Lion Love

You can name the lions and help keep them strong for another 100 years with your $50 donation.

You can name the lions and help keep them strong for another 100 years with your $50 donation.

February 14, 2019| Categories: Fairbanks Museum, What's Happening

The lions that you see guarding the front entryway of the Fairbanks Museum have been in place since September 1894. They were designed and created in the studio of O. Andreoni in Rome, Italy, the same artist who produced a bust of Franklin Fairbanks and his father, Erastus, which are in the museum.

This clay model was used by the studio to make a cast for the crouching, fierce lion.

Did you notice that the lions are in different positions and appear to have different personalities? The story that has been told about these lions explaining this difference was first recorded in the Caledonian-Record. According to Fairbanks family lore, when Franklin Fairbanks visited Andreoni’s studio in 1893 he was accompanied by his daughter, Ellen who was 21. He asked her if she liked the lion that had been completed, and she replied that she did not, that he was too “fierce and cross.” So, Franklin Fairbanks requested changes to the second lion to reflect a more relaxed and friendlier pose. The result is a unique pair of sculptures that welcomes guests to the Museum.

Photo of the cast for the friendly lion taken in the artist’s studio in Rome.

In addition to a legacy of lions with personality, this tale shows a heartwarming, personal side of the Fairbanks family. Even today, we’re greeted by lions whose attitudes reflect the questioning nature of the museum’s founder … and his willingness to listen to the women in his life!

Our lions are cast in bronze, one of the most popular materials for sculpture of every size. Bronze is an alloy made of copper and tin that is popular for several reasons, including the patinas that it can take on when it is exposed to outdoor elements. Other significant reasons for choosing bronze include that it has a high tensile strength (resistance to breaking under tension) and it flows more easily into molds than pure copper.

While Orazio Andreoni was the sculptor who created the lions, Oscar Spalmach was the founder who actually cast them in Andreoni’s studio. Spalmach was not just a founder, but an accomplished artist in his own right. Born in Venice, he studied there at the Royal Institute of Fine Arts after serving in the military. These lions were one of the first commissions he worked on after completing his arts training in 1892. He began working in Andreoni’s studio in 1893, the year these lions were begun, and would work there for the next ten years.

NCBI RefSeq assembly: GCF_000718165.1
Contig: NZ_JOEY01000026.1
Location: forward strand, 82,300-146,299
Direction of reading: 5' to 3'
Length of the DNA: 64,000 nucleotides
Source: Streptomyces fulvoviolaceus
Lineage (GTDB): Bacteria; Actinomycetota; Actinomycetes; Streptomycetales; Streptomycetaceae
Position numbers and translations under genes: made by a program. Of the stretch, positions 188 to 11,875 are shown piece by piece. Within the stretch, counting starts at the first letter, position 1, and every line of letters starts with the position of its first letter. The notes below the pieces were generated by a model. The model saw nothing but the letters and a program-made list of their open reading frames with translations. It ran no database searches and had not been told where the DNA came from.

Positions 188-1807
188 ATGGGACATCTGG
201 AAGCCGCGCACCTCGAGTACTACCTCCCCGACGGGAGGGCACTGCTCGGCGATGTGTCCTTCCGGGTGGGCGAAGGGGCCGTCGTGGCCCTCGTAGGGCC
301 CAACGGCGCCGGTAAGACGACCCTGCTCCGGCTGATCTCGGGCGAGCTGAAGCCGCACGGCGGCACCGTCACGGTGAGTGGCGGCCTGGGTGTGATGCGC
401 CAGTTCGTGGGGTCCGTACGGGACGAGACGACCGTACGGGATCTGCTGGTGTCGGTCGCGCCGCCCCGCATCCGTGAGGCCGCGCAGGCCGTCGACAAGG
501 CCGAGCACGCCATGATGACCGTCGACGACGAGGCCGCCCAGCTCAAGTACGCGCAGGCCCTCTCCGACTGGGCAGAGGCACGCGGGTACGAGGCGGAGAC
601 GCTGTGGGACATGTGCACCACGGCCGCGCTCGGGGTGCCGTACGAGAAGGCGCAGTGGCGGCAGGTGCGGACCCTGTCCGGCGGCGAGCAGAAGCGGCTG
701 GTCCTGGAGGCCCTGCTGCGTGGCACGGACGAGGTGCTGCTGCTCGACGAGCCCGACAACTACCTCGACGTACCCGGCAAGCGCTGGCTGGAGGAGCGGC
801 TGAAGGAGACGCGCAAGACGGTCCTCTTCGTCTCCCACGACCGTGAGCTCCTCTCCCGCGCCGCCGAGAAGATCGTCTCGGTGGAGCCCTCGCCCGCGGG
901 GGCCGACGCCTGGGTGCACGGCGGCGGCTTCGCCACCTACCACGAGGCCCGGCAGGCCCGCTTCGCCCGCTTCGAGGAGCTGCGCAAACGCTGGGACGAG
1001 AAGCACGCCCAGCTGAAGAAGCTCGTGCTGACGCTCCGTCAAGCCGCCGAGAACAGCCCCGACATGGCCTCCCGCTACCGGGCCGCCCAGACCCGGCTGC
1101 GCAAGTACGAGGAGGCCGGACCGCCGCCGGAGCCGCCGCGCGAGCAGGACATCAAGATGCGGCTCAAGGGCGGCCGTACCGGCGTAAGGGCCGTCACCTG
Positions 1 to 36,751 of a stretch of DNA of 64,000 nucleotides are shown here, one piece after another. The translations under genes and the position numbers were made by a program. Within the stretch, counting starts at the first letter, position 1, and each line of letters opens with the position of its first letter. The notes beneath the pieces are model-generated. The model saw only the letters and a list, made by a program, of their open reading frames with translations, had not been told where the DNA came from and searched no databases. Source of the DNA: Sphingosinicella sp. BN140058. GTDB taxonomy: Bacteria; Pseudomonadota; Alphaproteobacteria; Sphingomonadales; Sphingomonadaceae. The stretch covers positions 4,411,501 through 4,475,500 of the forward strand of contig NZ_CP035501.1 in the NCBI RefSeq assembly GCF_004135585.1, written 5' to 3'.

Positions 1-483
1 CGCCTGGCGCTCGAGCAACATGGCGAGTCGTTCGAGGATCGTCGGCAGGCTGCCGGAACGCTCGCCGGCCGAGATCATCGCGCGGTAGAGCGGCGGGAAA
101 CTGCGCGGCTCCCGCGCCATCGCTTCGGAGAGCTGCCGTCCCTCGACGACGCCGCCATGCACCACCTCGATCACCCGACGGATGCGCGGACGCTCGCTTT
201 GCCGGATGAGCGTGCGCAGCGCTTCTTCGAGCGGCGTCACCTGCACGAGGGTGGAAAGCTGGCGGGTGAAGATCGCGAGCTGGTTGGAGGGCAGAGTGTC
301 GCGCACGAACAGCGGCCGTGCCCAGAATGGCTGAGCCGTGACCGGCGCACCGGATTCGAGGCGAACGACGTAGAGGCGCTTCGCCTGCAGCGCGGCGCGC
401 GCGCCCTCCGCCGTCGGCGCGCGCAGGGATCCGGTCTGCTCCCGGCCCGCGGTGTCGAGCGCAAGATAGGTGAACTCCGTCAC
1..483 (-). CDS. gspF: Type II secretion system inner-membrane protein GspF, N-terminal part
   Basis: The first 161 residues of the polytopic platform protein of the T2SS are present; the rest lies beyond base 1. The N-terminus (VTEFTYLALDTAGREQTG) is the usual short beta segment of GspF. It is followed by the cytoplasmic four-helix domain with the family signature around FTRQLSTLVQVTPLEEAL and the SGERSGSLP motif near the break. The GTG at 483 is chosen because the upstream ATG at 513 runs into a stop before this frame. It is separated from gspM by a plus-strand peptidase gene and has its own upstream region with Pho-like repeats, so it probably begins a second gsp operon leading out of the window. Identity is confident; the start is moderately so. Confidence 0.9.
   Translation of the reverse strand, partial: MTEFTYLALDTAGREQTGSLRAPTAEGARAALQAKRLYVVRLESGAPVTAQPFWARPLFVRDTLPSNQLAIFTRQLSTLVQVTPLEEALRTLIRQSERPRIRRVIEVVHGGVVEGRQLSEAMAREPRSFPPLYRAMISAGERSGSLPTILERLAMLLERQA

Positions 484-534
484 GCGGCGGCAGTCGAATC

Orazio Andreoni was a successful, well respected, and fairly prolific artist. He established an international reputation, often focusing on historical and biblical subjects. His work can now be found in many museums around the world, including the Fairbanks Museum.

This bust of Franklin Fairbanks is inscribed with a dedication to him from his wife, Frances, and their daughters.

In addition to the two bronze lions in front of the museum, there are three other sculptures in our collections representing Franklin Fairbanks, the museum’s founder, his father, Erastus, and his grandson, Paul Herrick.

These three white marble busts grace the entryway and lower landing of our main gallery. The bust of Franklin was created sometime between the museum’s opening in 1891 and the death of Frances Fairbanks (Franklin’s wife) in 1895. The pedestal on which it stands is decorated with a plaque reading “Presented by the wife and daughters of the founder.”

The bust of Paul Herrick was done when he was a young child, circa 1891. It is placed above the interior doorway to our main gallery.

Erastus Fairbanks was one of three brothers who founded the Fairbanks Scale Company.

The likeness of Erastus is the hardest to date exactly, but portrays this former governor and president of the Fairbanks Scale Company in his later years of life. It was most likely completed in the late 1880s or early 1890s like the others.

These fine statues compliment the artistry of many others whose works continue to resonate in the Museum. The investment in exceptional talents — from carpentry to cast bronze — gives our collections their timeless value.

Our iconic bronze lions stand guard all day, every day, covered with rain, snow, hail, and blazing sun. They are loved by neighbors and remembered by visitors. But they have never been named! These brave beasts need a little love, and we want to show them how much we care. You can help conserve the lions and give each lion a name.

How many of you have pictures of your children (or yourself) seated on the reclining or the growling lion?

Make your gift of $50 or more for a chance to name the lions. We’ll draw a name for each lion on June 15.

As we care for our lions, we’re grateful for the fine artistry and exquisite craft that went into their creation. Here’s a short film about what’s involved in casting a bronze sculpture using techniques that would have been applied in Andreoni’s studio.

Tags: bronze, Fairbanks Museum, ilovermont, lions, Northeast Kingdom, St. Johnsbury, statue, Victorian, welovermont